One Nerve Remaining, Waiting on One Look…
Have You Got it in You, Part II
It’s getting worse, against all the odds, it’s getting worse…
(Guard down, floor’s yours, last man standing can we just get it over with…)
The executive bathroom is private, thank God, and Alan locks himself in.
For a while he simply leans back against the door, pulling off his glasses and squeezing his eyes shut in an effort to get himself back under control. But that just makes it worse, makes the images (Hardington’s body pinned beneath him, his hands locked around the bastard’s throat, bone and cartilage cracking and collapsing beneath his fingers) stand out brighter against the black backdrop of his closed eyelids.
He stumbles to the sink on shaking legs and splashes cold water on his face, forcing himself to breathe in slow, soft inhales and long, flat exhales because that’s what always seems to work best, trying to make the runaway beat of his heart match the much calmer rhythm of his breathing. Finally it starts to work, and Alan shudders in relief. But then he catches sight of his reflection in the mirror—pale face and shadowed eyes and too-prominent cheekbones—and suddenly the adrenaline surges through him again, and before he even understands what he’s doing he’s driven his fist into the mirror with a hoarse, ragged cry of rage.
The world goes blessedly grey for a moment.
When Alan comes back to himself he’s still slumped against the counter, braced on one hand. There’s a great round spiderweb of cracks in the mirror now, obliterating one of his reflection’s eyes and warping and distorting one side of his face. His other hand hurts like hell; Alan wonders dully if it’s broken.
“Please,” Alan whispers, whether to his reflection or God or to the Universe at large, he’s not sure. “Please, no more. No more.”
The house is empty when Alan gets home. Lora’s gone for the next three days, on her final interview for the position at Johns Hopkins University’s Applied Physics Laboratory. Part of him desperately wishes she was here; the other part is profoundly grateful she isn’t here to see him like this. It was hard enough to convince her to take the job in DC as it was. He can’t give her another reason to worry about him now.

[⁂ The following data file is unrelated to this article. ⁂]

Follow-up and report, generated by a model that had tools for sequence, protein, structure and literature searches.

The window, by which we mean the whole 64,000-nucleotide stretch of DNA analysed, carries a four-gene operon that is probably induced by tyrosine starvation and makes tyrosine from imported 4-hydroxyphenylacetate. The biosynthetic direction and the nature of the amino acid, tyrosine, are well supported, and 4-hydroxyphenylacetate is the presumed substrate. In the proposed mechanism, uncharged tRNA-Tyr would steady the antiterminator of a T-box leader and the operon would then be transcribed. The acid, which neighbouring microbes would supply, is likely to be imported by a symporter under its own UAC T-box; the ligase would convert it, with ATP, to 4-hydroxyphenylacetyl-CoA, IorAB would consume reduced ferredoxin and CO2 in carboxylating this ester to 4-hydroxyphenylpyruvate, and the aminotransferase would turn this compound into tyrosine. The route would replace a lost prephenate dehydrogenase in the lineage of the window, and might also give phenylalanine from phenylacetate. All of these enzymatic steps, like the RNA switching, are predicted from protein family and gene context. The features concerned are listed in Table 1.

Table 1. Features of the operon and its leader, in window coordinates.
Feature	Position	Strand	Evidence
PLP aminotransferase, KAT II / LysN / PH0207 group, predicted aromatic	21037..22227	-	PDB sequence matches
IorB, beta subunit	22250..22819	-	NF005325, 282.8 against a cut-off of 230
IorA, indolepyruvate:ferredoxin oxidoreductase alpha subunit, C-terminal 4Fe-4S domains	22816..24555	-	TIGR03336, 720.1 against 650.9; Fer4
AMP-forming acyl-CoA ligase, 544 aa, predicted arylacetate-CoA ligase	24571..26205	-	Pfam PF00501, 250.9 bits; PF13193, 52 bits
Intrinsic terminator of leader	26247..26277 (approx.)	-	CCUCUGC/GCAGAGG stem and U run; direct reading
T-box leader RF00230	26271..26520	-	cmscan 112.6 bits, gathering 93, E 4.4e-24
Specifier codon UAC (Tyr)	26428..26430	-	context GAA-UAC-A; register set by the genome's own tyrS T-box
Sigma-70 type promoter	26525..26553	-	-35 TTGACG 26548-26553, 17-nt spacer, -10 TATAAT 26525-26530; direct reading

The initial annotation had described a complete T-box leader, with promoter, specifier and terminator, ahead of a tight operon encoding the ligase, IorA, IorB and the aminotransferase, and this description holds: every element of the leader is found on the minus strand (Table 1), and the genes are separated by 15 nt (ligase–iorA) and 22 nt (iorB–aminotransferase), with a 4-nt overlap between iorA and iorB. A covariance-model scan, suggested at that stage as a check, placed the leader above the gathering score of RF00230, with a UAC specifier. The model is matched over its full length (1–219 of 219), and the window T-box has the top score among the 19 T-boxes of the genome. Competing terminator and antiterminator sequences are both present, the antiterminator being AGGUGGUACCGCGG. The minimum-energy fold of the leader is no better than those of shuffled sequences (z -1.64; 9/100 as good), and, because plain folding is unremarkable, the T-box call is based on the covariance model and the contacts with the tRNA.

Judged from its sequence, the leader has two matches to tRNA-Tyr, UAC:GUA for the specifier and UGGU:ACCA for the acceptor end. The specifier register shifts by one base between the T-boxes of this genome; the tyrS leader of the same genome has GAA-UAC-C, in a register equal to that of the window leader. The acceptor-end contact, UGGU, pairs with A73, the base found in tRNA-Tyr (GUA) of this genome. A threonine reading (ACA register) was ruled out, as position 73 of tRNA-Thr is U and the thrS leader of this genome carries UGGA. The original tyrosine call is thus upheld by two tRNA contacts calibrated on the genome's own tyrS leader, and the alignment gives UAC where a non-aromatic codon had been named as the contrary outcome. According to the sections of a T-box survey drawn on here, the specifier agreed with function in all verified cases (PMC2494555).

He sets a pot of coffee to brewing and pulls some ice out of the freezer to make a pack for his swelling left hand. I had to put my good hand through the goddamn mirror, he thinks, and emits a strangled noise that might’ve been a laugh.
For the next few minutes Alan feels almost like he might be settling back towards some semblance of normal, but then something new sets his nerves on edge and his skin crawling. It takes his exhausted mind another five minutes to realize it’s the sound of the coffee maker percolating that’s doing it, of all things, and he yanks the cord out of the wall violently enough that the entire machine ends up crashing to the floor, sending half-brewed boiling coffee and broken glass everywhere.
He’s still staring numbly at it when he hears the front door open.
“Hey, Uncle Alan? You home? Sorry I just let myself in, but I left one of my textbooks over here the other night and you weren’t answering the phone, and I saw your car here so I figured…”
Sam Flynn turns the corner into the kitchen and blinks. He looks from Alan’s face, to his icepack-covered hand, to the coffee maker’s corpse on the floor, and then back up to Alan’s face again, with that boggle-eyed expression he gets whenever he encounters something that just doesn’t make sense.
“Holy shit, Uncle Alan, what happened? Are you okay?”